Colombian Peso Banknote and a pagan deity


Icons in banknotes are not often regarded. I’m not talking the easily recognizable icons that a banknote can hold, but the obscure ones, you know the ones that are not much information on.

I would like to first begin with the definition of icons. Merriam-Webster dictionary defines the word Icon as a sign (such as a word or graphic symbol) whose form suggests its meaning.  

Take a look at the Colombian Peso (see screenshot below)


The Colombia 10,000 Pesos banknote, shows some would say it is an angel, or perhaps a god.  But, looking deeper, it gives a clue, it shows “Waldseemuller” inprinted.

The name is Martin Waldseemüller, to be exact. He was a cartographer (person who charts maps) in the 1,500’s, the ripe age of the renaissance era.   He made the legendary Universalis Cosmographia, which is a printed wall map of the world.  He charted the first map depicting America, but not the America (as in United States) you now know, but it was South America on the main map and Colombia was considered the “America” of its time.

I placed a little of history of the author of the Universalis Cosmographia.  But, what I wanted to show mostly was the wind blowing pagan icon.  This picture can represent any god that breathes or exhales life, as in blowing life or destroying it.   The figure in the the map’s example is not explained,  I couldn’t find a good resource showing who this icon was or is.  But, doing a deeper research, it resulted in a greek mythology deity,  Aeolus.  In the renaissance era, God and gods were generally believed by the masses, specially coming out of the middle ages, or referred to as dark ages.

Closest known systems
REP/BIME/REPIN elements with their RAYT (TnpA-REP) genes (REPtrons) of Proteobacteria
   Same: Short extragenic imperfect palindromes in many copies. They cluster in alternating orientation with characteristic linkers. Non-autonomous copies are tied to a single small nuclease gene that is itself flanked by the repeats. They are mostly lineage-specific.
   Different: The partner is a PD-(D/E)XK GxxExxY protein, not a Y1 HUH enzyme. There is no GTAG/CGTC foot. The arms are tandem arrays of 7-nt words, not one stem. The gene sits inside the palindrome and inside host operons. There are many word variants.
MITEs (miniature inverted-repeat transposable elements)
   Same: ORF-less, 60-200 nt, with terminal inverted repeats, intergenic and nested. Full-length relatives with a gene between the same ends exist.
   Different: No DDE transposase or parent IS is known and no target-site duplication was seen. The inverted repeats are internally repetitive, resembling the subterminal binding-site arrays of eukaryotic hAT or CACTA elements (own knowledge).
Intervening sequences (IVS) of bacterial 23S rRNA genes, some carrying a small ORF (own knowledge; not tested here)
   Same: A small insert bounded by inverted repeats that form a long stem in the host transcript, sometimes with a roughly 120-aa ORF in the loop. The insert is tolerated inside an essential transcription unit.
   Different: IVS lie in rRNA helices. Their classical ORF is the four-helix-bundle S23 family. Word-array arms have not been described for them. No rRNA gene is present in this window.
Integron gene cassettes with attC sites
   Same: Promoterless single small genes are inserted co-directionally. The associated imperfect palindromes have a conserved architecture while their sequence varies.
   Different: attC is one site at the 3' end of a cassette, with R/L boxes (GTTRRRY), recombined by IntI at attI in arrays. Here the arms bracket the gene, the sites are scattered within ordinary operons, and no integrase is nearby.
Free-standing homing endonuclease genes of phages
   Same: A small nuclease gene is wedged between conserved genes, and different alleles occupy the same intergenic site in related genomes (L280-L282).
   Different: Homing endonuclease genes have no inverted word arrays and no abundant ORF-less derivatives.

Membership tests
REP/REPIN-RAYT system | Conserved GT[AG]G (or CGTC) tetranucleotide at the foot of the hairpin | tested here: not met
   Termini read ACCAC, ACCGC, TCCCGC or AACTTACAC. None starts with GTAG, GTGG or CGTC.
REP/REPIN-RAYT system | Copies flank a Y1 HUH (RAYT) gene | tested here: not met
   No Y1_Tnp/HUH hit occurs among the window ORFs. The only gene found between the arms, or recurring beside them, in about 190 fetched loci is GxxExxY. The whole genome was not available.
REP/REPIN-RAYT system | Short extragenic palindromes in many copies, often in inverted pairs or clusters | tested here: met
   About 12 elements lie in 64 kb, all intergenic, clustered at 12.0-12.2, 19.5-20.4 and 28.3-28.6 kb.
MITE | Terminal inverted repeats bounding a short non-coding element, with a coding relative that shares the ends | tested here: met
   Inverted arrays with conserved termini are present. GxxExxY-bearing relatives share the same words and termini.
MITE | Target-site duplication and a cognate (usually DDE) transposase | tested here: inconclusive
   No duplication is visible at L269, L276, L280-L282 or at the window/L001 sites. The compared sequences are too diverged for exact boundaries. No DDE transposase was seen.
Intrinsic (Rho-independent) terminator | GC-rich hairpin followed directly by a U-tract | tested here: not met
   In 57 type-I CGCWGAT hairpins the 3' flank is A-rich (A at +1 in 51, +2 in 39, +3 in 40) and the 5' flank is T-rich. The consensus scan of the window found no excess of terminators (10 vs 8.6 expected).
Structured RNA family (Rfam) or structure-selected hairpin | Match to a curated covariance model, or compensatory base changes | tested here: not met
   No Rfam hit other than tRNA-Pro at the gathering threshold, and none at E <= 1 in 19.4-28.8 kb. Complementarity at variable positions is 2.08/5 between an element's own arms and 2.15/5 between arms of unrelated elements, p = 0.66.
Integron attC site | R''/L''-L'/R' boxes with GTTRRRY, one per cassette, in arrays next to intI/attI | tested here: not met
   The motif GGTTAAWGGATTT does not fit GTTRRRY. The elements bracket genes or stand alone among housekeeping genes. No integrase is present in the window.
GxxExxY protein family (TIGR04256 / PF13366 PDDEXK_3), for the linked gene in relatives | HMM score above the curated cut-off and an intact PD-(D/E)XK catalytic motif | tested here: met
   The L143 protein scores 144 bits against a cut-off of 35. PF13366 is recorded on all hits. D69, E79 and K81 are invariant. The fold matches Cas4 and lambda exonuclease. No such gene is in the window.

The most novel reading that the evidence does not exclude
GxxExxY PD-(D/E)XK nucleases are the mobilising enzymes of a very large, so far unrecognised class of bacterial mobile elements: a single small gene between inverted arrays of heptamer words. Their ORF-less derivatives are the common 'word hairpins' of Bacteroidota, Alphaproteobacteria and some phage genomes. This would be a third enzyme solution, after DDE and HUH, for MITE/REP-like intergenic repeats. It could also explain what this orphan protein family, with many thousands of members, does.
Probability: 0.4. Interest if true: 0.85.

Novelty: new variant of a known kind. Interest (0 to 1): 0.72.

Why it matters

Have you seen any type of mythological or pagan god?  or perhaps some type of spiritual icon that you want to explore and share information of?  You can do so by visiting our Best of Banknotes forum, a place where you can share your knowledge and discuss with other enthusiasts.

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